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How many rooms?

Bishop Helen-Ann reflects on the imagery of John 14 and the challenges faced by a number of parishes at present

John 14.1-14

How many rooms does it have?

Over the past couple of years, my parents have been involved in quite a complex process of moving house.  It has been a time of immense challenge, and I have been inspired by their resilience, as well as challenged by the distance between us:  I haven’t been able to nip over to Durham and help.  They are in the process of moving (we hope and pray) for a final time, and this time they are using the opportunity to de-clutter, because their new home has less room.  Indeed, that is a question that is usually asked at the beginning of any house search, ‘how many rooms does it have?’  And of course, one of the most iconic phrases in any nativity play is: ‘…because there wasn’t any room in the inn.’

As we get older, we tend to want less, and to be content with what we have.  The growing realisation that you can’t take possessions (including property) with you when you depart this mortal life can focus the mind upon what really matters: relationships, health, experience of the world around us.  It is said that at the point of death itself, our senses can be acutely enhanced.  As the brain shuts down, we reconnect with what we first experienced in life – sound, smell, touch, taste even.  The stuff of life that we have carried with us becomes less important as the very essence of our humanity is exposed for a final journey.

In case you’re wondering if I am being unduly melancholy, it has a lot to do with our Gospel reading, which is a passage I have (aside from its appearance in the lectionary) exclusively encountered in the context of funeral ministry.  I don’t do many funerals these days, but when I was a curate in rural Oxfordshire, most funeral families seemed to take great comfort from the image that the Gospel reading gives us: the image of a large abode with room for everyone.  It’s a domestic picture that we can easily relate to, and because of that I think, we can absorb the enormity of what Jesus is really saying, in an almost unnerving way.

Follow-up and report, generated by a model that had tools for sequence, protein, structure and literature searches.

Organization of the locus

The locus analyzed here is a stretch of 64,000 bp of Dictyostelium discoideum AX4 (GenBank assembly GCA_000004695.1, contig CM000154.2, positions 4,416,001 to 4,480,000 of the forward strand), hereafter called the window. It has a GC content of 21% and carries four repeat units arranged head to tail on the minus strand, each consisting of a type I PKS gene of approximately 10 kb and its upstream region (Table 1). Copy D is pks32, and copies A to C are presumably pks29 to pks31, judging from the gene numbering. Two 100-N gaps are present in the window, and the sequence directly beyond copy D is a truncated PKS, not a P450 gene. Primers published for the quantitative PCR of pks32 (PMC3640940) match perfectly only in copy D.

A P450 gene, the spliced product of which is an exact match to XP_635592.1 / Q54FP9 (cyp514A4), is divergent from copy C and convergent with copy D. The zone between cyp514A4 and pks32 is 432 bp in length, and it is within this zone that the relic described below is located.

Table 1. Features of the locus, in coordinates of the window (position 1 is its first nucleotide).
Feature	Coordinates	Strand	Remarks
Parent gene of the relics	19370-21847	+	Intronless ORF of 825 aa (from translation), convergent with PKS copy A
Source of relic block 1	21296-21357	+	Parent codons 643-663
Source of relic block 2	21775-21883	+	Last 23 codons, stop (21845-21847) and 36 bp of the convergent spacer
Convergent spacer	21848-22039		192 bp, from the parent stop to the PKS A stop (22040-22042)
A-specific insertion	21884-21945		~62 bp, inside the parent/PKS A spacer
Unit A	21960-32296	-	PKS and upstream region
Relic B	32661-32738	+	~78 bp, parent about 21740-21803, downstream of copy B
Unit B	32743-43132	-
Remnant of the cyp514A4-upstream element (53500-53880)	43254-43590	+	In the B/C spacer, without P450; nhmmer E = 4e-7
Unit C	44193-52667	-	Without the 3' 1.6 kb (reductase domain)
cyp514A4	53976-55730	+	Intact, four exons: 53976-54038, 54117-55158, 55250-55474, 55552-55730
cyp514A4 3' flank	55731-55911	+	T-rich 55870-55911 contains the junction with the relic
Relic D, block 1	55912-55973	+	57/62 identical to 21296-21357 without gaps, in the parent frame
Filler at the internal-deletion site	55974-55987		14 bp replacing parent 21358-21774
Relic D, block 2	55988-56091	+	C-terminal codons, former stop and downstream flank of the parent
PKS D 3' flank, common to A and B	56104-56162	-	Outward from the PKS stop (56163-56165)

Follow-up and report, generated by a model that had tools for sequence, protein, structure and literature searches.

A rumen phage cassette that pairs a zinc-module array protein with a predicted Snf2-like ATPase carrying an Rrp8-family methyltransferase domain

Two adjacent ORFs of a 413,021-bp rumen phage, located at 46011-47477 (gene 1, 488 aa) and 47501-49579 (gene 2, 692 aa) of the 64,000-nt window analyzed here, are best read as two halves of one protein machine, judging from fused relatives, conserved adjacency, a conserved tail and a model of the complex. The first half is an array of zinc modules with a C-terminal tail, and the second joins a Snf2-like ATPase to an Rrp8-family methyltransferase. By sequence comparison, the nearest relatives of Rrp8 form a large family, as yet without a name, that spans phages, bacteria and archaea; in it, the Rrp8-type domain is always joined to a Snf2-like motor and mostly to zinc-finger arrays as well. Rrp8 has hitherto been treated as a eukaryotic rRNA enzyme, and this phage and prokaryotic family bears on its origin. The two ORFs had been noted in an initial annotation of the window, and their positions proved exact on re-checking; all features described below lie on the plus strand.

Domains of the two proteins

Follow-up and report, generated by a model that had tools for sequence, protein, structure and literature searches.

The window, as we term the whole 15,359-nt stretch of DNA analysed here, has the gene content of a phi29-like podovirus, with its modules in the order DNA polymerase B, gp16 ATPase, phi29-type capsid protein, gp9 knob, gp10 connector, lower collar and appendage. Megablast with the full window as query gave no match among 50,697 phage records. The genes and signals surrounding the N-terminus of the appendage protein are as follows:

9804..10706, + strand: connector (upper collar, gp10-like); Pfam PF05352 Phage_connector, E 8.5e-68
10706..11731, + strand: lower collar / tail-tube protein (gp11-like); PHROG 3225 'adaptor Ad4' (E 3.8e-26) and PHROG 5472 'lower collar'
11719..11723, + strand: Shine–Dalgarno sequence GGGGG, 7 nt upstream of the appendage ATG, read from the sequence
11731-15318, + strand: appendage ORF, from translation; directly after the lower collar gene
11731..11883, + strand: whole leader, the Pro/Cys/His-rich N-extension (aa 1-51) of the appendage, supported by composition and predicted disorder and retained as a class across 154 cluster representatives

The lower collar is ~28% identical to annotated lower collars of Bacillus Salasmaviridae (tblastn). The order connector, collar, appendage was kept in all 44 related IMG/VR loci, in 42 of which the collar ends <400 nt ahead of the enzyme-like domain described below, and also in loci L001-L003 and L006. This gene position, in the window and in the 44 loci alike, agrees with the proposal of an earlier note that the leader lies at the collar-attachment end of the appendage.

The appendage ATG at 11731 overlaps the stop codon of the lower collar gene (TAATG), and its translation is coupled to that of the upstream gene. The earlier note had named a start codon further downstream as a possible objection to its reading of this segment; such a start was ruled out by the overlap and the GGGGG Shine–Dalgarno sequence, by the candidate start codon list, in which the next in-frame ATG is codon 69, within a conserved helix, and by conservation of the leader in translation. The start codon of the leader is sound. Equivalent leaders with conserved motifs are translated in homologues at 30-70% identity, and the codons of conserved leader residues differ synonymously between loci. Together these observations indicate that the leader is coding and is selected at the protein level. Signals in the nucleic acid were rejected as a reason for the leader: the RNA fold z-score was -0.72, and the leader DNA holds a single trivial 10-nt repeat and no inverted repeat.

One commentator on this passage reflects that ‘the fascination of this discourse is that it shimmers or hovers between several different points in time.  At times the real Jesus at the supper seems to be speaking about the future, at times the risen Christ about the future, at times Christ present in the Spirit about the current situation of the Church’ (Henry Wansbrough in The Fourfold Gospel Commentary, SPCK, 2006, p. 193).

I think that’s a really helpful reflection for us, and particularly for a number of our communities in the Diocese (specifically the Waikato bishopric) who are facing real issues of the possible conclusion of stipended ministry, and/or the capacity to function as worshipping groups.  Even if the processes of consultation, reflection, prayer and discernment leads to the conclusion of Sunday gatherings week by week, to disperse and find new homes or rethink how engagement with God’s mission happens in a context, that is not something to fear.  Jesus has gone away only to prepare a final place for his disciples, to which he will gather them at the end of time.  Even now, during their time on earth, his disciples are in him just as he is in the father, and can do his works just as he does the Father’s works.  This is the basis of the whole life of the Christian community.  And right in the midst of it is the simple statement of the central position of Christ: he alone is the Way; he alone is Truth and Life (a reflection again drawn from Henry Wansbrough).